True, these writers had predecessors in the nineteenth century – T. H. Huxley, for example, or Charles Darwin himself, who also strove to reach the general reading public. But in the mid-nineteenth century the general reading public was a much smaller and more select thing than it is now. The challenge for a late twentieth-century writer of popular science is different and greater. The books that succeed represent achievements of a remarkable and unprecedented kind. Nor is it clear on what grounds they can be reckoned inferior to novels, poems and other representatives of the older genres. In what respect, for example, is a masterpiece like Richard Dawkins’s
imaginatively inferior to a distinguished work of fiction such as Martin Amis’s
(or the hundreds of lesser novels that jam the publishers’ lists each year)? Both are clearly the products of brilliant minds; both are highly imaginative; and Amis is more excited by scientific ideas than most contemporary writers. Nevertheless, the essential distinction between them seems to be that between knowledge and ignorance. From the viewpoint of late twentieth-century thought, Dawkins’s book represents the instructed and Amis’s the uninstructed imagination.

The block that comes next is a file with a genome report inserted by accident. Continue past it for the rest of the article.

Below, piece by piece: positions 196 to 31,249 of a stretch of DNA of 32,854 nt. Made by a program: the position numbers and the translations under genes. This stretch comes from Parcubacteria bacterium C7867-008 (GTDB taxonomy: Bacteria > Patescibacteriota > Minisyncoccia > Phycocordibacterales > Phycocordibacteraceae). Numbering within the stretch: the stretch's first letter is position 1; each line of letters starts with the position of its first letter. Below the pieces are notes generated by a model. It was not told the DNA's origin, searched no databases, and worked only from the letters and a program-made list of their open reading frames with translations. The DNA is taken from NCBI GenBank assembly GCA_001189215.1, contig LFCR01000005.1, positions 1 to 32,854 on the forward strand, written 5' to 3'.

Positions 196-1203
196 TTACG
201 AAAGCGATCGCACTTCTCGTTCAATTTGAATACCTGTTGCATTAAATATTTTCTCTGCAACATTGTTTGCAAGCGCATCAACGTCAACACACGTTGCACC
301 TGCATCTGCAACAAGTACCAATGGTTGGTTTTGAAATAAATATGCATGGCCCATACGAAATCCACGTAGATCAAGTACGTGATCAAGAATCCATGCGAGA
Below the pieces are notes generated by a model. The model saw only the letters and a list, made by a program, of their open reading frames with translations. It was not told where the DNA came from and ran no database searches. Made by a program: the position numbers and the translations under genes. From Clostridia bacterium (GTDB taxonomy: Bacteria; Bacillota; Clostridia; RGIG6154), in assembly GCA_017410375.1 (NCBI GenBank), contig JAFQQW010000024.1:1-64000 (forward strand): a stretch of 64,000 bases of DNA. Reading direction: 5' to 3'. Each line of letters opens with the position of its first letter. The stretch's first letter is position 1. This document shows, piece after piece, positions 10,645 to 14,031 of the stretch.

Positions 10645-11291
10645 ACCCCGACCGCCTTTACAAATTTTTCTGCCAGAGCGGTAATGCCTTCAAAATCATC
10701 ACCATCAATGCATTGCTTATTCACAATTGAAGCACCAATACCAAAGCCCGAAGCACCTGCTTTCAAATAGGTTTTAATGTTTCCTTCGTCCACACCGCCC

Because I wanted the pieces I included to be seriously informative as well as enjoyable, I decided not to allow in science fiction (which would, in any case, need an anthology of its own), or those plentiful anecdotes about scientists’ private lives which show how droll or winning they were despite their erudition. The misty precursors of true science – alchemy, astrology – have also been left out, partly because they can now be classified as history not science, and partly because they tend to encourage in the reader an amused and superior response which is not the reaction I am looking for.